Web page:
As both a massive fan and unrepentant critic of the Pokémon games, I have a soft spot for indie titles that put their own spin on the formula. After all, there’s a lot that Game Freak’s juggernaut could improve. Recently, I took a look at Moonstone Island, a charming little title that looks to meld Stardew Valley with creature collecting, but my short time with the game didn’t quite scratch that Pokémon itch. However, enter the demo for Beehive Studios’ LumenTale: Memories of Trey, an ambitious take on capturing, battling, and adventuring with little critters called Animon, which satisfied my Pokécravings for the two hours I spent playing in preview.
When giving impressions of a game, I try my best not to over-compare with other titles, but with LumenTale, this is quite difficult — and not only because it draws so much from Pokémon. The opening cinematic, which explained a divide between two factions in the world of Taldea, reminded me of the opening to The Legend of Zelda: The Wind Waker. Sparsely colored ancient hieroglyphics regaled a tale of humanity’s first interactions with Animon before the divide occurred. After this cinematic, I woke up in a brightly colored and well-finished house as a two-dimensional pixel boy named Ales in a three-dimensional world that simultaneously brought to mind the Octopath Traveler and Paper Mario aesthetics. Likewise, the demo’s finale reminded me of the calls to adventure I’ve experienced in numerous JRPGs.
I say none of this as a detraction. I quite enjoyed these similarities, whether intentional or unintentional, as if I were bumping into old friend after old friend as Ales’ uncle asked him to fetch some ingredients from the market of an idyllic town called Iris Hamlet. Ales, unable to find the requested berries, braved the Animon-filled Scarlet Woods in search of some. There, he was attacked by some aggressive critters and ran away – only to find a half robotic man passed out in the forest.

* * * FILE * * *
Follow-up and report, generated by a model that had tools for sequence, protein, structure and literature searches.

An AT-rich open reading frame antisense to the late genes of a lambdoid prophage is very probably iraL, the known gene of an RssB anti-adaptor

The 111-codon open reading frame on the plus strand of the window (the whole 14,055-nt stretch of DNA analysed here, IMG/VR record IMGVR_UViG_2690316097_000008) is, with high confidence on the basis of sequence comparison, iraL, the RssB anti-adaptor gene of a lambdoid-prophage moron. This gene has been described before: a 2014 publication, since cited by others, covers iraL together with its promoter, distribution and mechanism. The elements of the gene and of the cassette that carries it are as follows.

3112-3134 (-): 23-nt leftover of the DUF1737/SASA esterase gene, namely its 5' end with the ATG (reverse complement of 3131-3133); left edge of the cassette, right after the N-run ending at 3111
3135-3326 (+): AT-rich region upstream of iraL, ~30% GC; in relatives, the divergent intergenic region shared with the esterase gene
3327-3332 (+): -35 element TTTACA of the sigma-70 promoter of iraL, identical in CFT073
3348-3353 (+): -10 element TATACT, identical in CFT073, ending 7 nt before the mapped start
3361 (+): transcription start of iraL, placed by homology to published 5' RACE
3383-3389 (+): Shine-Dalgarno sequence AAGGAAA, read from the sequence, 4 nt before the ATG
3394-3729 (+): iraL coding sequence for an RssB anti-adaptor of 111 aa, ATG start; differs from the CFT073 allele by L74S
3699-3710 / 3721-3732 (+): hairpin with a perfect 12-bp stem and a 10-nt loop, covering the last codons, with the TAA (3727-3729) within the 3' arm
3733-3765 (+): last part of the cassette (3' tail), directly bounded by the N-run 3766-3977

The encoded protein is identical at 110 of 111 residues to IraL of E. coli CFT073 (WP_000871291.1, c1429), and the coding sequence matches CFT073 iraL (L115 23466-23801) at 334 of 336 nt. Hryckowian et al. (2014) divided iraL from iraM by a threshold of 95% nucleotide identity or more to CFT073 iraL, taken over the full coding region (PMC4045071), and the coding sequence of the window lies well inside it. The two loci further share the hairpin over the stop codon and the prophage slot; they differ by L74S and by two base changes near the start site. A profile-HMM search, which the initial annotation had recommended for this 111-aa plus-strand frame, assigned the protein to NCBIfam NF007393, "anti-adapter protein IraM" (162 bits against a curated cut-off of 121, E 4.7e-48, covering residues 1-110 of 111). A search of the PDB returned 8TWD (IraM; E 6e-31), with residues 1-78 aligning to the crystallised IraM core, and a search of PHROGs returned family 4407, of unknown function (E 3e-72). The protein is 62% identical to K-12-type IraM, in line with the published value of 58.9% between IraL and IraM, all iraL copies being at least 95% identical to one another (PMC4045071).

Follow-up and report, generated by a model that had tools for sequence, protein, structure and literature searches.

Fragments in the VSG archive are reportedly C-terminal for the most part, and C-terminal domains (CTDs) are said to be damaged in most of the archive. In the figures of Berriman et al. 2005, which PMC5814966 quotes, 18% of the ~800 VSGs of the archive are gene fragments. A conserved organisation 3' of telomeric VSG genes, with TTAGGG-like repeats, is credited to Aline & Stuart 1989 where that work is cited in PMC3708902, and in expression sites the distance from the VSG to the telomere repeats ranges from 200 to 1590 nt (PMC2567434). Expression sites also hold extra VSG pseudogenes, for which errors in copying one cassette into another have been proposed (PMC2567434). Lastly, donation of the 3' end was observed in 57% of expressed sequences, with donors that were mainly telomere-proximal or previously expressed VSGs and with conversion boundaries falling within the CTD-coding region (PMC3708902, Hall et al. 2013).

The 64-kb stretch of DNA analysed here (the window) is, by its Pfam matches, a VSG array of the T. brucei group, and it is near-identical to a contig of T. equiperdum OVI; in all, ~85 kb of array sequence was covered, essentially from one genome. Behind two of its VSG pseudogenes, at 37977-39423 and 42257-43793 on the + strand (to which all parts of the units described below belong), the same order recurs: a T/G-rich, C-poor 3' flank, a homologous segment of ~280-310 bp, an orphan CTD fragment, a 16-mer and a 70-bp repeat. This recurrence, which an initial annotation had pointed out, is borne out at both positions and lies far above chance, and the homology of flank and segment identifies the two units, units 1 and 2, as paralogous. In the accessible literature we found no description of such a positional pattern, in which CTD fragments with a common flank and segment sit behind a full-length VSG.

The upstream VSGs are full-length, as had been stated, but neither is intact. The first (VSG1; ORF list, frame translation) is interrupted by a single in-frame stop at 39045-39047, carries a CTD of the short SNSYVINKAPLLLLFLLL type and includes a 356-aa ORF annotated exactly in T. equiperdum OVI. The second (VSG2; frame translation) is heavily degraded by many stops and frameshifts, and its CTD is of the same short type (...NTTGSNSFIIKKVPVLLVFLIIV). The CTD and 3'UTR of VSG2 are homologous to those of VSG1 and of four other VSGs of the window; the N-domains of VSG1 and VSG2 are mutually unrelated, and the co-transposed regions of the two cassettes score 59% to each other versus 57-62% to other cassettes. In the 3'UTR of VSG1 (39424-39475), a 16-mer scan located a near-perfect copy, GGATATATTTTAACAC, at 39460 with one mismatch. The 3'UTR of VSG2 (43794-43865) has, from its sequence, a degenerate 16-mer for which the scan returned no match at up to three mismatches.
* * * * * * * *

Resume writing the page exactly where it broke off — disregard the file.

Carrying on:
This is where LumenTale began in earnest. Waking up in control of that technology-infused young man, I soon gained a Holoken – a yo-yo-like device used to catch Animon – a starter, (I chose Mewaii, a plant-like critter that brings joy.) and a new name: Trey. Trey, you see, has remarkable talent as an Animon battler and catcher, but no memories of how he ended up face down in the Scarlet Woods. In fact, he has no memories at all. Trey and Ales set out to learn more about his amnesia by exploring Iris Hamlet and the neighboring Scarlet Woods where I could catch and battle Animon to my heart’s content.
I’m glossing over the narrative a little bit because, honestly, the excessive dialogue irked me, and while I realize the game is still early in development, it needs some better English localization and pacing for its opening act. However, Trey, with his inherent skills, and Ales, with his knowledge of Taldea but fear of Animon, make for an intriguing duo.
LumenTale resembles Pokémon Legends: Arceus – the best of the recent Pokémon titles – when catching Animon. By throwing out my Holoken, I could quickly add a multitude of Scarlet Wood’s inhabitants to my team. I grew quite fond of the icy rabbit Almyuna and a fiery monkey wonderfully named Bonkey that, yes, I would die for. Much of battling was familiar as different types were weak or strong against others, but LumenTale changes things up with attack order and how many creatures participate in any given battle. Depending on the move I selected, my Almyuna might be able to attack twice, or the spidery Melotica I battled might be able to hit me multiple times before I could act. Double battles against wild Animon also occurred, and the two boss fights in the demo let me use three and four Animon against some wicked-looking creatures, respectively.
I didn’t get a strong feel for the nuances of this system during the short demo, but I came away intrigued with its potential for legitimate difficulty – something I believe the recent Pokémon games lack – and impressed by the Animon designs. The music, too, was quite good throughout, capturing that high-tempo, adrenaline-pumping feel of a creature battle.
These opening moments show a lot of promise. While much of the demo preview was spent skipping through excessive dialogue, the climactic fight and subsequent call to adventure had me looking forward to seeing more of LumenTale: Memories of Trey. Will there be more similarities from some of my favorite games? How will Trey and Ales’ relationship continue to grow? What’s up with Trey being half robotic, and how’d he lose his memories? And most importantly, can Beehive Studios put together a battle system to keep me invested in a lengthy, Pokémon-like adventure?
The fact that I can’t wait to get answers to these questions bodes well for this nostalgic creature collector. LumenTale: Memories of Trey will arrive on PC via Steam, Nintendo Switch, PlayStation, and Xbox at some point in the future.